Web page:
The issue of Advertising, Marketing and Promotion (‘AMP”) expenses is no longer res integra and has been dealt with by many high courts in India. The decisions of the high courts in various matters are now pending with the Supreme Court of India by way of Special Leave Petitions filed by Tax department as well as taxpayers.
At the core of these litigations, there are two principal issues under consid-eration:
(a) Whether there exists an interna-tional transaction of AMP when mar-keting expenses are being incurred by an Indian company?
(b) If the answer to the aforesaid ques-tion is in the affirmative, what is the method for benchmarking such inter-national transaction and how?
In so far as the first issue is concerned, the Delhi High Court in the case of Sony Ericsson Mobile Communications vs. CIT dated 16.03.2015, reported in 374 ITR 118 (hereinafter referred to as the “Sony Ericsson”) proceeded on the assumption that where the distributor incurs marketing expenses, there is bound to be an international transaction. This is the same analogy applied by the Tribunal in the Company’s matter for the Assessment year 2010-11.
However, subsequent to the decision of the Delhi High Court in Sony Erics-son, the Delhi High Court, itself, in the cases of Maruti Suzuki India Ltd., reported in 381 ITR 117, Whirlpool of India Ltd vs. DCIT, reported in 381 ITR 154 and Bausch and Lomb Eyecare India Pvt. Ltd. vs. Addl. CIT, reported in 381 ITR 225 has categorically held that irrespective of marketing expenses being incurred by the Indian Company, the question whether there is an international transaction of AMP is a question of fact which needs to be specifically addressed by the Transfer Pricing Officer (“TPO”) before proceeding with benchmarking any international transaction. The High Court has held that there should be some tangible evidence on record to demonstrate that there exists an international transaction in relation with incurring of AMP expenses for development of brand owned by foreign associated enterprises and in the absence of such transaction there is no question of undertaking any benchmarking of AMP expenses.
In so far as the second issue is concerned, at the threshold it must be stated that the Bright Line Test (“BLT”) which has been proposed by the tax authorities has been unequivocally rejected by the High Court in successive judgments on the simple ground that BLT does not form part of the Indian Transfer Pricing Regulation, which are exhaustive and cannot be supplemented. This principle has not only been followed and applied in the cases relating to AMP, but otherwise also, the Delhi High Court in the case of ChrysCapital Investment Advisors (India) Pvt. Ltd. vs. Dy. CIT reported in 376 ITR 183, held that the Indian Transfer Pricing Regulation are exhaustive and cannot be supplemented by further OECD commentary or any other regulations.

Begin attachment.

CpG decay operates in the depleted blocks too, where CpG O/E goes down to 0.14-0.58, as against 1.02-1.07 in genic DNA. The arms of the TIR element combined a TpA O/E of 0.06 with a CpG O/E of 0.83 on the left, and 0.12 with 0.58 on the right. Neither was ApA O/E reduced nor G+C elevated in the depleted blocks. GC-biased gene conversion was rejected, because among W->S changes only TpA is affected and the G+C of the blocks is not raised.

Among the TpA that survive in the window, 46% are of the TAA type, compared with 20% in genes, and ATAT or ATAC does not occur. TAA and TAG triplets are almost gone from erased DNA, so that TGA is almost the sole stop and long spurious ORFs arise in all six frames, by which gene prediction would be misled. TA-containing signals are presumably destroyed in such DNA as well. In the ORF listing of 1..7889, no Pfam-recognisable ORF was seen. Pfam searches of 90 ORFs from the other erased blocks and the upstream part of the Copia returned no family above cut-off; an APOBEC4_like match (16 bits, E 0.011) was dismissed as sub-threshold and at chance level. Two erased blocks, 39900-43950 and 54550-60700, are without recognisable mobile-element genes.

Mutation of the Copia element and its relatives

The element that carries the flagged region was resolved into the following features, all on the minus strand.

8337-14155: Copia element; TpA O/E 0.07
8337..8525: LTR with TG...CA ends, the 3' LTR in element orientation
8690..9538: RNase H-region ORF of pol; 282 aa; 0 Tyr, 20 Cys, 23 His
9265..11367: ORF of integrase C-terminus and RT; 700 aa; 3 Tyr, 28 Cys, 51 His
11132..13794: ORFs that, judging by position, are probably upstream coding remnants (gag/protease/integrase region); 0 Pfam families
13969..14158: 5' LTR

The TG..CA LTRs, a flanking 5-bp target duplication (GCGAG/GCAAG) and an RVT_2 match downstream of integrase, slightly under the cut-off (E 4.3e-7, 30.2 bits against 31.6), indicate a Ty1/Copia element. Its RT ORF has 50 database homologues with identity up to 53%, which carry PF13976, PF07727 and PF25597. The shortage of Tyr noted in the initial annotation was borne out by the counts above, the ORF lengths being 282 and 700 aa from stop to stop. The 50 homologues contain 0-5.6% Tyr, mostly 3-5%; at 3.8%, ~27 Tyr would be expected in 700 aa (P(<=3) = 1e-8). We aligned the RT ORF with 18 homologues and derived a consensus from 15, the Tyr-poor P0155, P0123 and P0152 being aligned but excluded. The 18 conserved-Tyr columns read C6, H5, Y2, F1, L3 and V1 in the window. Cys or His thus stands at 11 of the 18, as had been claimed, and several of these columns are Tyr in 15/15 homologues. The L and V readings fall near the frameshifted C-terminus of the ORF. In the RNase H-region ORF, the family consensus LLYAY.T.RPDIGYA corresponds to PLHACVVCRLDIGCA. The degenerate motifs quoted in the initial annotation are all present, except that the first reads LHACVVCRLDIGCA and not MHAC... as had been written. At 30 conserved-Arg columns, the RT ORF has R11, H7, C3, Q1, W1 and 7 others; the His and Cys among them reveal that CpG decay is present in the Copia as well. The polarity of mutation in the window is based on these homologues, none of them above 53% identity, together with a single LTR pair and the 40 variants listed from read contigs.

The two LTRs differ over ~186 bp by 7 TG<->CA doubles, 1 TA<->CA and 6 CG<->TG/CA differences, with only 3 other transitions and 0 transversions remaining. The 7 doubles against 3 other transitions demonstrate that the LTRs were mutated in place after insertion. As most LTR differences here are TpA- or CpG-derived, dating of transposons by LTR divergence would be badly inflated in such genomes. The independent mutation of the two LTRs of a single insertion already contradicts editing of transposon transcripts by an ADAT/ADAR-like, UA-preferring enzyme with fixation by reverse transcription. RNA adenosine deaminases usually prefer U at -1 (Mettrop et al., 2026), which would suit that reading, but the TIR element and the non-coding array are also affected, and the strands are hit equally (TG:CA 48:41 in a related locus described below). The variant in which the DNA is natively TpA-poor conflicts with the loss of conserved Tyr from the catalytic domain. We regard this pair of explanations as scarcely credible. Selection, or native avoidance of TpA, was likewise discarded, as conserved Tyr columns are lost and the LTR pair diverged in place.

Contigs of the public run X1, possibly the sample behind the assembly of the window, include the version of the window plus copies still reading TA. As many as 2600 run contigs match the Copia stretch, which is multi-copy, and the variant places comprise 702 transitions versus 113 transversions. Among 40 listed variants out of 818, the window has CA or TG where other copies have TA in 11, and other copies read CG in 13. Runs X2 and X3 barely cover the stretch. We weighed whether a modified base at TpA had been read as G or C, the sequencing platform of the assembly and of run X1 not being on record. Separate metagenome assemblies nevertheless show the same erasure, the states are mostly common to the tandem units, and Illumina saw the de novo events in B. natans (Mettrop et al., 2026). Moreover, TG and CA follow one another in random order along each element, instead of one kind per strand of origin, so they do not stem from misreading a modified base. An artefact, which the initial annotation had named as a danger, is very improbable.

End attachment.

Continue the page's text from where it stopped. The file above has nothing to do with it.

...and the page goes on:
The next aspect of this issue is the choice of method to be applied in case there does exist an international transaction of AMP. At the outset, it must be stated that choice of method is dependent on facts and circumstances of each case and this is the precise reason that why Delhi High Court in the case of Sony Ericsson held that it may not be proper to give authoritative ruling on what method to be applied in such cases. The High Court laid down various parameters for application of the Resale Price Method (“RPM”), the Transactional Net Margin Method (“TNMM”) or the Comparable Uncontrolled Price (“CUP”) method.
For distributors - without any value add, the proper method for bench-marking international transaction would be RPM, whereas TNMM might be a better option in practical sense due to lack of comparability options.
It is now to be seen how Supreme Court will deal with the aforesaid issues when the batch of matters come up for hearing. Either way – taxpayers will get some clarity and can plan their affairs accordingly. If the Supreme Court decides against taxpayers, there might be a surge in the Advance Pricing Agreements (“APA”) between taxpayers and tax authorities.
Sachit Jolly is a Partner in the Taxation Group of DMD Advocates having over 11 years of experience in advising and representing various Indian and foreign clients from the aviation, media, finance, education, FMCG, IT, oil & gas and pharmaceutical sectors on varied tax issues, including, transfer pricing. Sachit specializes in international taxation, with an emphasis on strategic tax planning, taxation of royalties, technical services and issues of permanent establishment and attribution of income.
Sachit featured amongst top 3 upcoming law firm partners (Tax) in Vahura’s “Best Law Firms to Work” Rankings 2018.
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